Behind the scenes of Aladdin

'Aladdin' is wowing musical fans from coast to coast, and it's the magic that goes on backstage that gives the show it's 'wow' factor. KARE 11's Alicia Lewis gives us an insider's look at this Broadway hit.

MINNEAPOLIS - Come on down, stop on by -- hop a carpet and fly -- to Aladdin, now playing at the Orpheum Theatre in downtown Minneapolis. 

The classic tale made its debut in Minnesota last week and features plenty of Disney magic.

KARE 11's Alicia Lewis took a tour backstage to get a look at how this jaw-dropping spectacle comes to life. 

In order to transform a blank stage into the lively, colorful setting of Agrabah -- and of course, the magical Cave of Wonders, it takes more than 35 tons of scenery, said Production Stage Manager Michael McGoff. 

"The Cave of Wonders is ... like seeing an entire stage full of C-3PO," he said. "In fact, the gold finish is based on the finish of C-3PO in Star Wars movies."

That Cave of Wonders set debuted for the first time in Minneapolis -- as we're only the second city on its tour (Chicago had a seven-month run and featured a more permanent set up). 

The scenery is also automated -- each piece "rides out" on a track in the floor, some of which is controlled by a wifi signal. 

"And every once in a while, just like you lose your signal, sometimes we lose our signal," McGoff said. "And then someone has to come and help. But that's part of the fun."

Pieces of the set, while covered in plenty of glitz and glamour, are also based on historic Middle Eastern symbols and Islamic art. 

To utilize space with so many pieces of the set, the scenery is suspended in the air above the stage, and to the left and right of the curtain. And yes, that's where the magic carpet is hiding, as well.

Lewis pressed McGoff to get the secrets behind how that carpet flies but his only response? "It's Disney magic."

And what about the costumes? Certainly, besides Jasmine, Aladdin and the Genie, these beautiful costumes are the secondary star of the show. 

Michael Hannah, wardrobe supervisor, said each costume is custom made, by hand, for the show. More than 2,000 different fabrics, from places like Morocco, Italy, Japan and more, are used in the 337 costumes in each performance.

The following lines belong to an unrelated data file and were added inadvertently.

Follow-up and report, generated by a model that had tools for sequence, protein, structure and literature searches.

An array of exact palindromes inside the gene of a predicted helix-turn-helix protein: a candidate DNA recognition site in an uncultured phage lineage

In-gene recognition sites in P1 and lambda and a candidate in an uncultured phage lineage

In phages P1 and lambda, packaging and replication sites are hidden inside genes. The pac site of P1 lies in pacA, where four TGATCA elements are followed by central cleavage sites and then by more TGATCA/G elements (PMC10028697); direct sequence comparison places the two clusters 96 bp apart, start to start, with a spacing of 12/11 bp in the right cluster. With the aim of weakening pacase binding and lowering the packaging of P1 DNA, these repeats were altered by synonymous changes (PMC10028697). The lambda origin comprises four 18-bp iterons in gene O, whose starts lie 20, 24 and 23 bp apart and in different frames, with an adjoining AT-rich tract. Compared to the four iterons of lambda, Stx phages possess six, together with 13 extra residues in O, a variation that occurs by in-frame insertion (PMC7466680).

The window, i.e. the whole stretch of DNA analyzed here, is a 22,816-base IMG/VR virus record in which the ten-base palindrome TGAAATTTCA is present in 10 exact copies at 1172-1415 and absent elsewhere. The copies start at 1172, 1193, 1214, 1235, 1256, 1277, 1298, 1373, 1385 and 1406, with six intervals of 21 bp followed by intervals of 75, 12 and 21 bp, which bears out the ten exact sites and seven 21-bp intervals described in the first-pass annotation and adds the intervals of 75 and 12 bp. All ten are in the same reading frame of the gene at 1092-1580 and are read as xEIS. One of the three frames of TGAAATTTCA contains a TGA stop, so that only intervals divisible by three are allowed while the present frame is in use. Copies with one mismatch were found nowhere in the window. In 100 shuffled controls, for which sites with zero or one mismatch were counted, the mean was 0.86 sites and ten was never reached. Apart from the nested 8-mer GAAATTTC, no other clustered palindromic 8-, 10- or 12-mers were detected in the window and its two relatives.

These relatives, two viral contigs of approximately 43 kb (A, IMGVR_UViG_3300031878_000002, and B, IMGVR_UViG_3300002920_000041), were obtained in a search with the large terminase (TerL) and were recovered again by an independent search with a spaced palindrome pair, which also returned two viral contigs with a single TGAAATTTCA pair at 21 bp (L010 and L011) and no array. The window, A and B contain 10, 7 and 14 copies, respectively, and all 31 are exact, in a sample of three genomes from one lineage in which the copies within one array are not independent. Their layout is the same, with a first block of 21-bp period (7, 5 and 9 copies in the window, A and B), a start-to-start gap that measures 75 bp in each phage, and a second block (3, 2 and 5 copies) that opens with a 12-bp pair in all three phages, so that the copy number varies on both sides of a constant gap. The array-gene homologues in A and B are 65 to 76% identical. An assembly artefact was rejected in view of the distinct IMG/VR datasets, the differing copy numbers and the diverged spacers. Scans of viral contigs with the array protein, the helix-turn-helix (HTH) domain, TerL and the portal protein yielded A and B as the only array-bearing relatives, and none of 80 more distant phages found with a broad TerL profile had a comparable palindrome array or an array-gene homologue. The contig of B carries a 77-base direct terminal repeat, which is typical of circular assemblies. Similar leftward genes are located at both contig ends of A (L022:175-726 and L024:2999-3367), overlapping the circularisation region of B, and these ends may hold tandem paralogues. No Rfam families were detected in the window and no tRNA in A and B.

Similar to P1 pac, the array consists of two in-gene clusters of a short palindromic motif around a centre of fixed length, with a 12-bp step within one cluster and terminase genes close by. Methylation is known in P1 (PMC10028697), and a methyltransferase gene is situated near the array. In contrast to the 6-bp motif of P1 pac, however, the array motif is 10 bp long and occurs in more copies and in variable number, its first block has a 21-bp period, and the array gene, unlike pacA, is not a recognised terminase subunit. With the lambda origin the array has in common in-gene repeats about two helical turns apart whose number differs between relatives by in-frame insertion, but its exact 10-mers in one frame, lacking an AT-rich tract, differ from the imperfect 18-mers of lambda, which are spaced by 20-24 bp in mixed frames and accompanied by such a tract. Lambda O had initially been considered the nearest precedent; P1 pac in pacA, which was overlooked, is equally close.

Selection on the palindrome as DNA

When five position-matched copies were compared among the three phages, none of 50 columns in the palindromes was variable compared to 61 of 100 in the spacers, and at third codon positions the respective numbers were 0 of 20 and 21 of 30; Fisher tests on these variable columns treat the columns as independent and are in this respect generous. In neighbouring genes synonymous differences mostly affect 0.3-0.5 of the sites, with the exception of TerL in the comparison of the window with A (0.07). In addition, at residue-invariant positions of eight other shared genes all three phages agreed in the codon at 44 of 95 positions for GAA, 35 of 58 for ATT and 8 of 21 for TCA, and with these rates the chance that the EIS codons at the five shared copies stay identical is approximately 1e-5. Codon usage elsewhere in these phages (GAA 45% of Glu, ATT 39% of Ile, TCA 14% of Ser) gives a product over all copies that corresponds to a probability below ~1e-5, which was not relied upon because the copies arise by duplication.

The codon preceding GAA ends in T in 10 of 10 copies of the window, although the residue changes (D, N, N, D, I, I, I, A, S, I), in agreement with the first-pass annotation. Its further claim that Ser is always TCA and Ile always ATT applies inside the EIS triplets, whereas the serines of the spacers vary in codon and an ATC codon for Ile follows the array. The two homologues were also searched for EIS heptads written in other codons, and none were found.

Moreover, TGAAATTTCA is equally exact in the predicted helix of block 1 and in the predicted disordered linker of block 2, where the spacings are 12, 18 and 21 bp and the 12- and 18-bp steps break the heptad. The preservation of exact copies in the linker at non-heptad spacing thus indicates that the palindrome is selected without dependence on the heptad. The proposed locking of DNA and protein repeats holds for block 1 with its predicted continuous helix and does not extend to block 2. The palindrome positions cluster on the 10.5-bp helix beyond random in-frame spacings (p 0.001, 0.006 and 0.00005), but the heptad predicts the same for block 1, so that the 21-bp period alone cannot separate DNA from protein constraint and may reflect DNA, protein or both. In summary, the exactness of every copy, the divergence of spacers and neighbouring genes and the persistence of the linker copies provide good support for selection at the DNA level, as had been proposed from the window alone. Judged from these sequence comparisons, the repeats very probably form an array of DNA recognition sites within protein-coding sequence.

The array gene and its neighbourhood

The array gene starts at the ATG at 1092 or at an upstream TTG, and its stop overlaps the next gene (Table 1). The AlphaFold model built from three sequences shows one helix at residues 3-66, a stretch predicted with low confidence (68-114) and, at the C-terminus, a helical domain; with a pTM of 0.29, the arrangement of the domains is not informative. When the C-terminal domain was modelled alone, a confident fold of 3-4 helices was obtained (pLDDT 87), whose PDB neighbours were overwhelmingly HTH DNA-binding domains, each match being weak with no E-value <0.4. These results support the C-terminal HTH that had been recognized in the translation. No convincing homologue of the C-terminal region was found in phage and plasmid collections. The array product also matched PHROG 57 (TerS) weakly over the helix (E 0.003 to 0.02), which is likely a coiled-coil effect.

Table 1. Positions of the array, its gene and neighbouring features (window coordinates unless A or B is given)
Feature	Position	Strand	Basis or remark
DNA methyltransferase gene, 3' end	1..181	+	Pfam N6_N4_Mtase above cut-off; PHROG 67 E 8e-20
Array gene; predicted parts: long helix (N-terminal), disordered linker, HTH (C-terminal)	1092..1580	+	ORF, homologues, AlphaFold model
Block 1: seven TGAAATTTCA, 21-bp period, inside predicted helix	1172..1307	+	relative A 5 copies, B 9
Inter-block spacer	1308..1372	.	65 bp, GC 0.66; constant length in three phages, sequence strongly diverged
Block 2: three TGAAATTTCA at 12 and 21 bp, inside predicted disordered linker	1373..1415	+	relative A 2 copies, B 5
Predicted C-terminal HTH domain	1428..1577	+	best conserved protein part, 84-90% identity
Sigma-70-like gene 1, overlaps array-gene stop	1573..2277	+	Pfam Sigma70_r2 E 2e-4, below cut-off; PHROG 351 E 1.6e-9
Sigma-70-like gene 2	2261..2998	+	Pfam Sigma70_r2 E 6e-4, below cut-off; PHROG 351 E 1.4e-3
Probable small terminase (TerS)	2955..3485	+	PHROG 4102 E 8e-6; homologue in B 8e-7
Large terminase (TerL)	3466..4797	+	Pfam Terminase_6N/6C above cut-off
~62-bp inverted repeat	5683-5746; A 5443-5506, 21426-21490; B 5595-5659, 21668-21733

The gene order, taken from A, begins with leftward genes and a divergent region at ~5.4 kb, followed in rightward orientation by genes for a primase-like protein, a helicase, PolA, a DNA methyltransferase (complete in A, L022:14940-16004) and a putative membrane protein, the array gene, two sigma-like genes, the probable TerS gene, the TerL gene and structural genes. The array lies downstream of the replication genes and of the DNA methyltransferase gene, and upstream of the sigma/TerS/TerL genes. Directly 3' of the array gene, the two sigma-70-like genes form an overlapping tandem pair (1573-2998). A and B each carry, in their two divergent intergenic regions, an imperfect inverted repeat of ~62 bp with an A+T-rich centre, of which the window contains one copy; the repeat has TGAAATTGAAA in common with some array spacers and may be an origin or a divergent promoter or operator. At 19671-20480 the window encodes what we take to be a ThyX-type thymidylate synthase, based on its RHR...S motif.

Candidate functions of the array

And they don't have much time to get from one look to the next -- 52 costume changes take place in less than 30 seconds.

"Everything's rigged so that you can just rip it off and put on a new costume," he said. "We have to change people in 15 seconds sometimes. Some things are done with magnets, some things are done with snaps."

And there's no shortage of quality -- or expense -- when it comes to these elaborate costumes. 

In the Genie's famous song, "Friend Like Me," there are more than 8,600 Swarovski rhinestones featured on each of the men's gold costumes. 

And Jasmine's wedding dress? It's more than 12 pounds with all the jewels, crystals and rhinestones that were hand beaded into place. 

"There's not a cheap thing in the show," Hannah said, with a laugh. 

So what are those costume changes like for the cast members who star in the show?

"We should talk about 'Prince Ali,'" said Celina Nightengale, a member of the ensemble, "because that is chaos. It's 100 costume changes in one number in total. I do three and some of mine are the quickest. I do one of the quickest changes in 'Friend Like Me,' that's I think 20 seconds maybe."

But it's all part of the fun and the magic that's transported from the stage to the audience.

"We want to give you the best show we can every night," she said.

Aladdin runs through Oct. 8 at the Orpheum Theatre in Minneapolis. For tickets and more information, click here

© 2017 KARE-TV


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